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Pineywoods Wild Hog Supper May 18 in Hemphill

Various hunting, trapping control methods on display

Adam Russell, AgriLife media

May 14, 2021

2 Min Read
Jared Timmons, Texas AgriLife Extension Service

The latest feral hog trapping and hunting tools and technology will be on display at the Pineywoods Wild Hog Supper and Exposition from 4-8 p.m. May 18 at the Lost Frontier RV Park and Marina Pavilion on Toledo Bend Reservoir, a mile west of the Pendleton Bridge on Texas Highway 21, at 360 Frontier Drive, Hemphill.

The multi-county Texas A&M AgriLife Extension Service event is free and open to anyone interested in learning more about feral hog control methods. Attendees are encouraged to bring a lawn chair. Picnic tables will be provided for the meal.

The event will feature AgriLife Extension specialists and agriculture agents; representatives from the Texas Wildlife Service, the Louisiana State University AgCenter Extension Service and industry from around the state and nation; and an exhibition of products related to feral hog control, including traps and hunting with night and thermal imaging systems.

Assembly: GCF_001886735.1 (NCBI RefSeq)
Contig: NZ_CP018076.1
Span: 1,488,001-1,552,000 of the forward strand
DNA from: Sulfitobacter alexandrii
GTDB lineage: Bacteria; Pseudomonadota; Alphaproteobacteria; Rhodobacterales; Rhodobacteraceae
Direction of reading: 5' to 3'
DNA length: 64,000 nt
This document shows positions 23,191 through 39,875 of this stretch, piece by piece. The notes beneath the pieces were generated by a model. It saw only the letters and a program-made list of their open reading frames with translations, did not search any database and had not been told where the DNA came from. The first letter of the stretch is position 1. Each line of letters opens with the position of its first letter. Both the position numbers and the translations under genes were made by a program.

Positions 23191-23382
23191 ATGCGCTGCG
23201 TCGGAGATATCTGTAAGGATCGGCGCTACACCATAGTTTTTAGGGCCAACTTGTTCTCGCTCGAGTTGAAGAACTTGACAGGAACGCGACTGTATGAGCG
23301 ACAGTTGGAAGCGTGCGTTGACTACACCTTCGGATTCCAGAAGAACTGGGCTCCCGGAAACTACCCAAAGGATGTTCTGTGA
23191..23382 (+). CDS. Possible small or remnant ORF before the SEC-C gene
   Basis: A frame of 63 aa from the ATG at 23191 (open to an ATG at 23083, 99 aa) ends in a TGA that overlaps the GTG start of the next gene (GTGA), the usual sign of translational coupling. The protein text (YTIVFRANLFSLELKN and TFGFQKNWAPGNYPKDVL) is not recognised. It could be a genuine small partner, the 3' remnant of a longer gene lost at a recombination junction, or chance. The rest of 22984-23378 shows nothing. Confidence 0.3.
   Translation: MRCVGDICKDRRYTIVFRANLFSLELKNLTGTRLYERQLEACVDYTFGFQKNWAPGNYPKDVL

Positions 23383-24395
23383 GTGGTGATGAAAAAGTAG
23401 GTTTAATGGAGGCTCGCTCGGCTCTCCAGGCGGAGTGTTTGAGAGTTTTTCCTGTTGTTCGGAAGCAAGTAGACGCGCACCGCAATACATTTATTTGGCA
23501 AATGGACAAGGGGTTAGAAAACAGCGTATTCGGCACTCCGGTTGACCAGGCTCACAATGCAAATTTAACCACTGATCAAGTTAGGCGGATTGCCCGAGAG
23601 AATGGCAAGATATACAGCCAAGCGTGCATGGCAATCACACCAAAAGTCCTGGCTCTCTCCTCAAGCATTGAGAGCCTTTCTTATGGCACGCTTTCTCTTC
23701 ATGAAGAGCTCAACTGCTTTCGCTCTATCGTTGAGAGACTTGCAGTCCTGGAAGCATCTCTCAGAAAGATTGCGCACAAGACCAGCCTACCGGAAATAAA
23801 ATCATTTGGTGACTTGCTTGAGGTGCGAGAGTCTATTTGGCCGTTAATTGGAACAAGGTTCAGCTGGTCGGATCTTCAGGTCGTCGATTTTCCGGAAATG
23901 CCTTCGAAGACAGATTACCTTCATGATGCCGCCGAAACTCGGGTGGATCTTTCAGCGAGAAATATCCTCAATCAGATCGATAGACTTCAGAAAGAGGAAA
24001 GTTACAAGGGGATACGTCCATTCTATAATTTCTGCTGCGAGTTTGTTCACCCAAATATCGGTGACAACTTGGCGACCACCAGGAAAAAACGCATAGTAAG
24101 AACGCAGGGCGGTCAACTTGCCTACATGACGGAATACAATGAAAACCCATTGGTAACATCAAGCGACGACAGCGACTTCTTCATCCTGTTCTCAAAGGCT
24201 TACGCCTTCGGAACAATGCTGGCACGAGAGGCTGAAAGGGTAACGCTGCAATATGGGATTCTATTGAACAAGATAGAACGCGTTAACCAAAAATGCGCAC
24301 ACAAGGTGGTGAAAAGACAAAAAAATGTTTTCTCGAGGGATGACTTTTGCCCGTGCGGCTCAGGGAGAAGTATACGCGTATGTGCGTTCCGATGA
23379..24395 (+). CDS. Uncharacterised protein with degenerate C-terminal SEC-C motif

Demonstrations and presentations

Demonstrations of and discussions about various control methods will begin at 4 p.m. The wild hog supper, which will include sausage, ham, pork loin and ribs processed from feral hogs captured in Sabine County, starts at 6 p.m. and is followed by more demonstrations.

Presenters will also award $2,400 in prizes to local feral hog trappers and hunters as part of the Operation Pork Chop 2021 program, which incentivizes eradication efforts in Sabine County. Participants in the program have removed more than 1,200 feral hogs from Sabine County through trapping and hunting since 2019.  

For more information or to request special accommodations, call Ronald Barlow, AgriLife Extension agent, Sabine County, at 409-594-7400.

Source: is AgriLife TODAY, which is solely responsible for the information provided and is wholly owned by the source. Informa Business Media and all its subsidiaries are not responsible for any of the content contained in this information asset.

Read more about:

Feral Hogs

About the Author(s)

Adam Russell

AgriLife media, Texas AgriLife

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